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SLOVAK MATTERS

Vivat Slovakia: A language guide to independence

DURING a recent weekend I spent in a south-central Slovak town, I asked people for words and phrases they believed had come into the Slovak language since 1993 independence. It's a good conversation gambit, appealing to Slovaks' pride in their language, as well as giving them a vent for their feelings about a decade of change.
Balík ekonomických opatrení (package of economic measures) was the choice of one man who in the last four years has seen announced two larger balíky and several partial ones.
"What the hell does that mean?" he asked. "Why don't they just admit they're raising prices and cutting benefits?"

DURING a recent weekend I spent in a south-central Slovak town, I asked people for words and phrases they believed had come into the Slovak language since 1993 independence. It's a good conversation gambit, appealing to Slovaks' pride in their language, as well as giving them a vent for their feelings about a decade of change.

Balík ekonomických opatrení (package of economic measures) was the choice of one man who in the last four years has seen announced two larger balíky and several partial ones.

"What the hell does that mean?" he asked. "Why don't they just admit they're raising prices and cutting benefits?"

"It's hmla [fog]," said his companion, arguing that the language had been hijacked by people whose goal was to obfuscate rather than elucidate. "We've got sociálny balík [social package], reformné opatrenie [reform steps], and my favourite, zefektívnenie štátnej správy [improving the efficiency of the state administration]."

Unenlightening and mendacious, these phrases rile many Slovaks because they go against the national character, which favours direct, bald speech.

The language of independence, for example, celebrates the massive theft of public property that occurred over the last decade with new words like tunelovanie (tunnelling, i.e. asset stripping), rodinkárstvo (nepotism), klientelizmus (clientelism, cronyism) and korupcia (corruption). While the words themselves may not be new, their presence in everyday speech certainly is.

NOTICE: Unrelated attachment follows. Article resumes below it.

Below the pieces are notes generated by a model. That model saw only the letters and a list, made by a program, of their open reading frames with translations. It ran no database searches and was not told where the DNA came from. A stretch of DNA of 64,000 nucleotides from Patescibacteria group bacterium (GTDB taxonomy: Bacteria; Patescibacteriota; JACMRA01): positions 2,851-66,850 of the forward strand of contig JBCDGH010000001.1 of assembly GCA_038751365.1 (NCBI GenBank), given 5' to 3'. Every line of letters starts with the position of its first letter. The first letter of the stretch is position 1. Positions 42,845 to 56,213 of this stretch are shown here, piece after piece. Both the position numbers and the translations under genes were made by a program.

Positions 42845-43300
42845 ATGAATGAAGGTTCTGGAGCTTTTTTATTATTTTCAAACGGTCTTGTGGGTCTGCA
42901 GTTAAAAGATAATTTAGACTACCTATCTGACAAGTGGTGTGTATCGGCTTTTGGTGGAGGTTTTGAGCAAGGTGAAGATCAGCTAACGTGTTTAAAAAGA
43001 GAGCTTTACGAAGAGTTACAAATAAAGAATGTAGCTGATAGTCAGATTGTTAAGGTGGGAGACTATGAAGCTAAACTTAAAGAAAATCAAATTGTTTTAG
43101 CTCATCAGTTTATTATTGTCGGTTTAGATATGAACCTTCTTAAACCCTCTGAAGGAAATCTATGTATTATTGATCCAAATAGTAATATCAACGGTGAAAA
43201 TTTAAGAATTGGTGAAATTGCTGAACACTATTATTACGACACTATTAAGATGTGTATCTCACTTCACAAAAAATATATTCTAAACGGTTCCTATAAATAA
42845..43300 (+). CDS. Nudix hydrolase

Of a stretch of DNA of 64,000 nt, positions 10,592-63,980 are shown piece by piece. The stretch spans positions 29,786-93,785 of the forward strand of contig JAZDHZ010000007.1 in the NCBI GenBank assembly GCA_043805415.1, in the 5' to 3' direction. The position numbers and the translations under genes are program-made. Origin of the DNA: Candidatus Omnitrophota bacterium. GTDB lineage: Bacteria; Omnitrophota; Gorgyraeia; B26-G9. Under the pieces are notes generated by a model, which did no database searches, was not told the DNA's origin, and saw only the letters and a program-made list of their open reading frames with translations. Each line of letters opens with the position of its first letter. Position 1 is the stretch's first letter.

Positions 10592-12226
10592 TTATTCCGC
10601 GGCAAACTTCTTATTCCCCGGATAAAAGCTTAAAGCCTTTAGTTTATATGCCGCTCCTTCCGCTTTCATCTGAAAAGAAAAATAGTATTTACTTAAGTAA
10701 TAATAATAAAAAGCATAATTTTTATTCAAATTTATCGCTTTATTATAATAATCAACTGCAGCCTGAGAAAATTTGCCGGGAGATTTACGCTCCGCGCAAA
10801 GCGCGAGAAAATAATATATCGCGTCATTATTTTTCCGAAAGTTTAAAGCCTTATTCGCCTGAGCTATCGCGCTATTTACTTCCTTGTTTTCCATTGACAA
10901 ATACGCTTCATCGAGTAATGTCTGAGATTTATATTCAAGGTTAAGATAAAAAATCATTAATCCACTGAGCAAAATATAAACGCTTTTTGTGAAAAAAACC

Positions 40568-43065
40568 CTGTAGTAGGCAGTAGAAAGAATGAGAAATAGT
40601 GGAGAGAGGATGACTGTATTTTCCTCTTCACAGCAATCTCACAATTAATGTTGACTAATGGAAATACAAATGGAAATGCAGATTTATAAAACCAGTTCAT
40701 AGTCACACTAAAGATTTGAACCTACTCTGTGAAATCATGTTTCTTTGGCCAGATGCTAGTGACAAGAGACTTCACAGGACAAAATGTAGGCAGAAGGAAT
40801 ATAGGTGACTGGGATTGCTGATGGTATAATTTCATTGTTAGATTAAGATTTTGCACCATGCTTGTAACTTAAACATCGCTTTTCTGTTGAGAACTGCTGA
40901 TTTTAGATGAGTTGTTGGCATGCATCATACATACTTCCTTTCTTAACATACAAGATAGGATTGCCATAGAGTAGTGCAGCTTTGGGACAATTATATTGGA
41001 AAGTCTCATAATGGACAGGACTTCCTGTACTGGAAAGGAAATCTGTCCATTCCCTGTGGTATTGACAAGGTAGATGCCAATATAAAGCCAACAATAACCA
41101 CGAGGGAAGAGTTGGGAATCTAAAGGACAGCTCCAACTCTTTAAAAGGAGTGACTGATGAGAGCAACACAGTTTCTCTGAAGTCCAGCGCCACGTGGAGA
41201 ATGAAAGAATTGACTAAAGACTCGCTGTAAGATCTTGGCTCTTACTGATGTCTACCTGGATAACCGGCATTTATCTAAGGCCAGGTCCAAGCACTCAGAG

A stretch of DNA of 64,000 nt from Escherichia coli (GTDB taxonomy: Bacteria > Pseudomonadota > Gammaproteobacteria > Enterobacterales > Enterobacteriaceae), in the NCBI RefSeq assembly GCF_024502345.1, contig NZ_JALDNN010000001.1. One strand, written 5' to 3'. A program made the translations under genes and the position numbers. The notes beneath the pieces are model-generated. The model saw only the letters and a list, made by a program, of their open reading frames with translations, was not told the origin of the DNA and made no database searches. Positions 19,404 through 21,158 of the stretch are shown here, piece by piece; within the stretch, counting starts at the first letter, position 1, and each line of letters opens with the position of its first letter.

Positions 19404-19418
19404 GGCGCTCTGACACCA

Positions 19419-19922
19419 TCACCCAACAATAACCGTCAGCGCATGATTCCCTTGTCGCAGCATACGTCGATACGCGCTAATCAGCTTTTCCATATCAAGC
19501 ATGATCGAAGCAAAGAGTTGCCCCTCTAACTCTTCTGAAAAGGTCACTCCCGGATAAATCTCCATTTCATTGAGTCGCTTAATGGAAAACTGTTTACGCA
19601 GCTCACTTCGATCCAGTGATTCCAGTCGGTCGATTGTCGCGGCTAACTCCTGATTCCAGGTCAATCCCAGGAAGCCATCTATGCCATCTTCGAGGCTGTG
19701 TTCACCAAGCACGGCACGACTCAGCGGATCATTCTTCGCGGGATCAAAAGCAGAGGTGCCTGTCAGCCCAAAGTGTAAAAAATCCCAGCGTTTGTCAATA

These words have a blood relationship to mečiarizmus (mečiarism), the form of politics practised by former PM Vladimír Mečiar, characterised by lying, the provoking of senseless conflicts, and above all hmla. Mečiar's nickname, Veľký Mufti (copying his initials, V.M., and meaning the Grand Mufti, or highest-ranked Islamic judge), was another novelty of the 1990s, along with Mufti's supporters, babky demokratky (grannies/democrats). And let's not forget Lenon, another Mečiar nickname, from the phrase len on to dokáže (only he can do it).

Mečiarizmus was also linked to other 'isms', such as nacionalizmus (nationalism), a force unknown under communism and which produced expressions such as za Dunaj (beyond the Danube, i.e. the Hungarians), and dlhý bič, malý dvor (a long whip and a small courtyard, the treatment proposed for Slovak Roma by nationalist Ján Slota). Foreigners may recall the admonishment Na Slovensku, po Slovensky (in Slovakia speak Slovak).

It was nationalism that in the end gave rise to some of the most memorable speeches and slogans during the 1990s. After Slota's call, during a speech apparently delivered while drunk, for Slovaks to go "do tankoch" (to the tanks) and flatten Budapest, the Hungarians began coming up with jokes such as "Slováci sú ožraté opice, ktoré Maďari hodili cez Dunaj" (Slovaks are drunk monkeys that the Hungarians flung back over the Danube).

Politics was perhaps the second-most fertile source of language comedy, with Mečiar ostensibly departing from politics after his election defeat in September 1998 by weeping on national television and singing a farewell song: "S pánom Bohom idem od Vás, neublížil som, žiadnemu z Vás" (I depart from you with God, I never hurt any of you).

But perhaps even better was a song named Vivat Slovakia, which political image-maker Fedor Flašík insisted the incoming 1994 Mečiar government sing.


Here are the words:

Vivat Slovakia, máš takú mladú tvár
Vivat Slovakia, už nikdy žiaden svár
Vivat Slovakia, už nadišiel ten čas
Vivat Slovakia, v láske môžeš rásť.


Long live Slovakia, you have such a young face
Long live Slovakia, no more disputes
Long live Slovakia, the time has finally arrived
Long live Slovakia, you can grow in love.


While the Mečiar cabinet was singing, however, the rest of the country was learning new lyrics such as výpalníctvo (from vypáliť, to burn, meaning extortion) and hlavohruď (lit. headchest, emphasizing the lack of neck, meaning a hired thug). Where kids were involved and drugs were available, we had zhulený (stoned, from huliť, a slang expression for smoking) and natripovaný (tripping).

As the nation's leadership passed from Mufti to Mikimaus (PM Mikuláš Dzurinda), other, more Western-inspired, words crept in. There was the new word negociovať (negotiate) to cover what the country was doing with the EU and Nato, Rómovia to replace the familiar cigáň (gypsy), which had been sadly battered by political correctness, and transparentnosť (transparency), which was meant to eliminate korupcia but ended up in the hmla category.

And then, against all odds, Slovakia's victory at the World Hockey Championships in May 2002 prompted another phrase to be dusted off: Majstri Sveta (World Champions), which as incongruous as it may seem among the hlavohruď and rodinkárstvo, nevertheless deserves a prominent place in the pantheon of independence speak.

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